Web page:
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In this case, the code is called before the first call to doSomething because we access the static member INSTANCE (see the following getstatic bytecode routine). If we were to call this method twice, we would get the following bytecode: public static final void main(java.lang.String[]); Code: 0: aload_0 1: ldc #9 // String args 3: invokestatic #15 //Method kotlin/jvm/internal/Intrinsics.checkParameterIsNotNull:(Ljava/lang /Object;Ljava/lang/String;)V 6: getstatic #21 //Field com/programming/kotlin/chapter03/Singleton.INSTANCE:Lcom/programmi ng/kotlin/chapter03/Singleton; 9: invokevirtual #25 //Method com/programming/kotlin/chapter03/Singleton.doSomething:()V 12: getstatic #21 //Field com/programming/kotlin/chapter03/Singleton.INSTANCE:Lcom/programmi ng/kotlin/chapter03/Singleton; 15: invokevirtual #25 //Method com/programming/kotlin/chapter03/Singleton.doSomething:()V 18: return

You can see that in both occasions doSomething is called as a virtual method. The reason is you can create a singleton that inherits from a given class, as in the example here: open class SingletonParent(var x:Int){ fun something():Unit{ println("X=$x") } } object SingletonDerive:SingletonParent(10){}

There is a way to call a static method as you would do in Java. To achieve this, you will have to place your object within a class and mark it as a companion object. This concept of a companion object will be familiar to someone with at least entry-level knowledge of Scala. The following example uses the factory design pattern to construct an instance of Student: interface StudentFactory { fun create(name: String): Student } class Student private constructor(val name: String) { companion object : StudentFactory { override fun create(name: String): Student { return Student(name) } }

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As you can see, the constructor for the Student type has been marked private. Thus, it can't be invoked from anywhere apart from inside the Student class or the companion object. The companion class has full visibility for all the methods and members of Student. From the code, you will need to call Student.create("Jack Wallace") to create a new instance of Student. If you look in the build output, you will notice there are two classes generated for Student: one is Student.class and the other is Student$Companion.class. Let's see how the call to Student.create gets translated into bytecode: public final class com.programming.kotlin.chapter03.ProgramKt { public static final void main(java.lang.String[]); Code: 0: aload_0 1: ldc #9 //String args 3: invokestatic #15 //Method kotlin/jvm/internal/Intrinsics.checkParameterIsNotNull:(Ljava/lang /Object;Ljava/lang/String;)V 6: getstatic #21 // Field com/programming/kotlin/chapter03/Student.Companion:Lcom/programmin g/kotlin/chapter03/Student$Companion; 9: ldc #23 //String Jack Wallace 11: invokevirtual #29 //Method com/programming/kotlin/chapter03/Student$Companion.create:(Ljava/l ang/String;)Lcom/programming/kotlin/chapter03/Student; 14: pop 15: return }

At line 6, you will notice there is a call for a static member getstatic. As you can probably imagine, there is a static field added to the Student class of the type Student.Companion: public final class com.programming.kotlin.chapter03.Student { public static final com.programming.kotlin.chapter03.Student$Companion Companion; public final java.lang.String getName(); static {}; Code: 0: new #39 //class com/programming/kotlin/chapter03/Student$Companion 3: dup 4: aconst_null 5: invokespecial #42 //Method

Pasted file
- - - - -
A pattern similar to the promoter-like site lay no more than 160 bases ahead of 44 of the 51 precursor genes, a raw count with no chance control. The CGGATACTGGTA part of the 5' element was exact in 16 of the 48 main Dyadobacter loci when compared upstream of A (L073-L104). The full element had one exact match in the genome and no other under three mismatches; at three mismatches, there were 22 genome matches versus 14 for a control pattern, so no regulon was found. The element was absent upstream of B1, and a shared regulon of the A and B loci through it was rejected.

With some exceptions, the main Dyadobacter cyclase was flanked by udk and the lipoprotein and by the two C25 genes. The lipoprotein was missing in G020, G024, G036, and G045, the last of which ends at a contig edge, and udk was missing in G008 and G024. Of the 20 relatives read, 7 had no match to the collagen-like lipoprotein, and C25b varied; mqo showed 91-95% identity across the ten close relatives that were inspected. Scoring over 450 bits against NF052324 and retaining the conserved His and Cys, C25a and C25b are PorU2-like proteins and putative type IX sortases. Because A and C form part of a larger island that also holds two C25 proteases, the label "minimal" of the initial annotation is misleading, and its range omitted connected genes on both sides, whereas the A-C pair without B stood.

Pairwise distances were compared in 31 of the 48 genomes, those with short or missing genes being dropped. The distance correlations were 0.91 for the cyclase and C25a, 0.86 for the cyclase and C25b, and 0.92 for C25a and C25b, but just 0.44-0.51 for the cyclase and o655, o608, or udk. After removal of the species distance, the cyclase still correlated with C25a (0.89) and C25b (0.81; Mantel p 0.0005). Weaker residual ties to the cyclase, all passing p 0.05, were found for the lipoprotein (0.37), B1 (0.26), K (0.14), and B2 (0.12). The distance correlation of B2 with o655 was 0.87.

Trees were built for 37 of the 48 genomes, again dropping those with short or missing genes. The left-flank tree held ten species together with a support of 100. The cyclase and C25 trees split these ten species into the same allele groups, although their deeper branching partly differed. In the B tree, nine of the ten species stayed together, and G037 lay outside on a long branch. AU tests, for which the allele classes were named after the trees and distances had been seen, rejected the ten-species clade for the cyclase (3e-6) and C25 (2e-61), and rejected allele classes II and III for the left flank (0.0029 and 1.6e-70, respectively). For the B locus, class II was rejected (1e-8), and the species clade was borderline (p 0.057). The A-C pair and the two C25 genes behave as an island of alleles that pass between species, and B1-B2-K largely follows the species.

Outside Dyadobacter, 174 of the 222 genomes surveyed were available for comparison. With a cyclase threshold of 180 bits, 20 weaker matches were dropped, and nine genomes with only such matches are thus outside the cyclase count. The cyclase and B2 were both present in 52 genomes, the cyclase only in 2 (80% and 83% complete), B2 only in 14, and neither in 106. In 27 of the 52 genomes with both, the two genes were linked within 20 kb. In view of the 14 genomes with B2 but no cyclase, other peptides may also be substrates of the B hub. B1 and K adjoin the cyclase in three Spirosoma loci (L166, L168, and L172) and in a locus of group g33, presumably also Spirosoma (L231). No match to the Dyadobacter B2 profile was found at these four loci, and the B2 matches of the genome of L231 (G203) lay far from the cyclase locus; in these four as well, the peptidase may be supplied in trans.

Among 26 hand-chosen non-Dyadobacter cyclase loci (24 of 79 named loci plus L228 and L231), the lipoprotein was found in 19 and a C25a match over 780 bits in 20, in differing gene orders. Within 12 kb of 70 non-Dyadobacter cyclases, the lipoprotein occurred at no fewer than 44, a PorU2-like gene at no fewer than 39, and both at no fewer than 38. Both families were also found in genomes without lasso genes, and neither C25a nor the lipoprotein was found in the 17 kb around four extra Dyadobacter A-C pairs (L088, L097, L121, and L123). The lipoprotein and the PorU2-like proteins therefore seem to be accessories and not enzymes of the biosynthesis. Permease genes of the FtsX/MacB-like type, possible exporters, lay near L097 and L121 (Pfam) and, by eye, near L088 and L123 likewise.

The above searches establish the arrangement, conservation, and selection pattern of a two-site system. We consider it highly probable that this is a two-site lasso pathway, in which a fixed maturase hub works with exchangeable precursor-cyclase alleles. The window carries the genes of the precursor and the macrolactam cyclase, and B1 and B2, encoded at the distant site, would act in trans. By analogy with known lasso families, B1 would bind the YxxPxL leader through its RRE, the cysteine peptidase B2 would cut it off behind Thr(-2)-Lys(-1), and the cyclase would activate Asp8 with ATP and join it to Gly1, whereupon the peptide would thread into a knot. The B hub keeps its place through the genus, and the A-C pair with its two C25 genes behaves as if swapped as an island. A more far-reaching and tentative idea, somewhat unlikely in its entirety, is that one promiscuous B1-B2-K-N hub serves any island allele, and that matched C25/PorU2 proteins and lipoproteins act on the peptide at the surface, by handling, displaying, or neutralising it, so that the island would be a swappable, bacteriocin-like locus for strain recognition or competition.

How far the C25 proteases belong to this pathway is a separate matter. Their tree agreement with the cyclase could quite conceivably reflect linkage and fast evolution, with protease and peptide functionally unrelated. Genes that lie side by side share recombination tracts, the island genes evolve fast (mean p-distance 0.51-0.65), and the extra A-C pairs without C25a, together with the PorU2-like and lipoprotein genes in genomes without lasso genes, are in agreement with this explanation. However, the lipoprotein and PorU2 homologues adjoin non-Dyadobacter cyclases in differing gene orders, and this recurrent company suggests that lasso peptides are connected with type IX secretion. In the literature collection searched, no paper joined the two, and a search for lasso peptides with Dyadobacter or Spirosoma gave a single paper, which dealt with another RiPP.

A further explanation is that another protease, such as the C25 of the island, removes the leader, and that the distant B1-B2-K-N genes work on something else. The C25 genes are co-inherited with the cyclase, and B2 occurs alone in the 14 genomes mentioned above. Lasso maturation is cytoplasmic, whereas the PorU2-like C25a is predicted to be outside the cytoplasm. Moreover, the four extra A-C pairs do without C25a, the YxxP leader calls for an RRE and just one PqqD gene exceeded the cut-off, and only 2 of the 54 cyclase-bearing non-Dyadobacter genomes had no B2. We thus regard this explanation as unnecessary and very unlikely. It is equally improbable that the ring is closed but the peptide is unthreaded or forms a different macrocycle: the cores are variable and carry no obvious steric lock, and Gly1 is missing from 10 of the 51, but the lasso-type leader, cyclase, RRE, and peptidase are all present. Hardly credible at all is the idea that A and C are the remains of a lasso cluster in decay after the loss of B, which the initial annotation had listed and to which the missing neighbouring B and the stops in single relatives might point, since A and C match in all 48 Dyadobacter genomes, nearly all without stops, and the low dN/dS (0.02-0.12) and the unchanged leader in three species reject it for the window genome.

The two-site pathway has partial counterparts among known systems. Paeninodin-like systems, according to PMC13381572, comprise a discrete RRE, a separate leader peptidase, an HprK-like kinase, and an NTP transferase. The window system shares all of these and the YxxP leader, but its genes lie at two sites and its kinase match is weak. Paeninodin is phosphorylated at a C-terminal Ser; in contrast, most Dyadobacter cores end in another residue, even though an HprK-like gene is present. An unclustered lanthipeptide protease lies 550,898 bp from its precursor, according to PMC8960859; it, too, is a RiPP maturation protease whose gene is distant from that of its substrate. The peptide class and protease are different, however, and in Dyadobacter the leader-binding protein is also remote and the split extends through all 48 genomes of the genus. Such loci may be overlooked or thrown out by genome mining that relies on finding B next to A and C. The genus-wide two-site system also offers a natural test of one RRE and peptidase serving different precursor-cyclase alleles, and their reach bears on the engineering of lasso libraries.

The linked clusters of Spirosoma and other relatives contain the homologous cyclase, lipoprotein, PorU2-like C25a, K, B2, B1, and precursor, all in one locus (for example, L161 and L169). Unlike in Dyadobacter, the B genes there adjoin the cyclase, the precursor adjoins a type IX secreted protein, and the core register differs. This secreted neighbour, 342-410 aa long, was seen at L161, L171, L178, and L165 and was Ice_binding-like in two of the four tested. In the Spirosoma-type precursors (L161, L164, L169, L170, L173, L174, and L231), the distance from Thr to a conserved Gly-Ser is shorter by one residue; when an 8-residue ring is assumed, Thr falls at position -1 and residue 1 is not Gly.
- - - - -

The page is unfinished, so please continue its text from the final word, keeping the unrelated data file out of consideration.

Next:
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Object-Oriented Programming in Kotlin com/programming/kotlin/chapter03/Student$Companion."":(Lkotl in/jvm/internal/DefaultConstructorMarker;)V 8: putstatic #44 //Field Companion:Lcom/programming/kotlin/chapter03/Student$Companion; 11: return public com.programming.kotlin.chapter03.Student(java.lang.String,kotlin.jvm.intern al.DefaultConstructorMarker); Code: 0: aload_0 1: aload_1 2: invokespecial #24 //Method "":(Ljava/lang/String;)V 5: return

This code snippet proves the assumption is correct. You can see the Companion member being added to our class. And yet again, the class gets class initializer code generated to create an instance of our companion class. Student.create is shorthand for writing code such as Student.Companion.create(). If you were trying to create an instance of Student.Companion (that is, val c = Sudent.Companion), you would get a compilation error. A companion object follows all the inheritance rules.

Interfaces An interface is nothing more than a contract; it contains definitions for a set of related functionalities. The implementer of the interface has to adhere to the interface the contract and implement the required methods. Just like Java 8, a Kotlin interface contains the declarations of abstract methods as well as method implementations. Unlike abstract classes, an interface cannot contain state; however, it can contain properties. For the Scala developer reading this book, you will find this similar to the Scala traits: interface Document { val version: Long val size: Long val name: String get() = "NoName" fun save(input: InputStream) fun load(stream: OutputStream) fun getDescription(): String { return "Document $name has $size byte(-s)"} }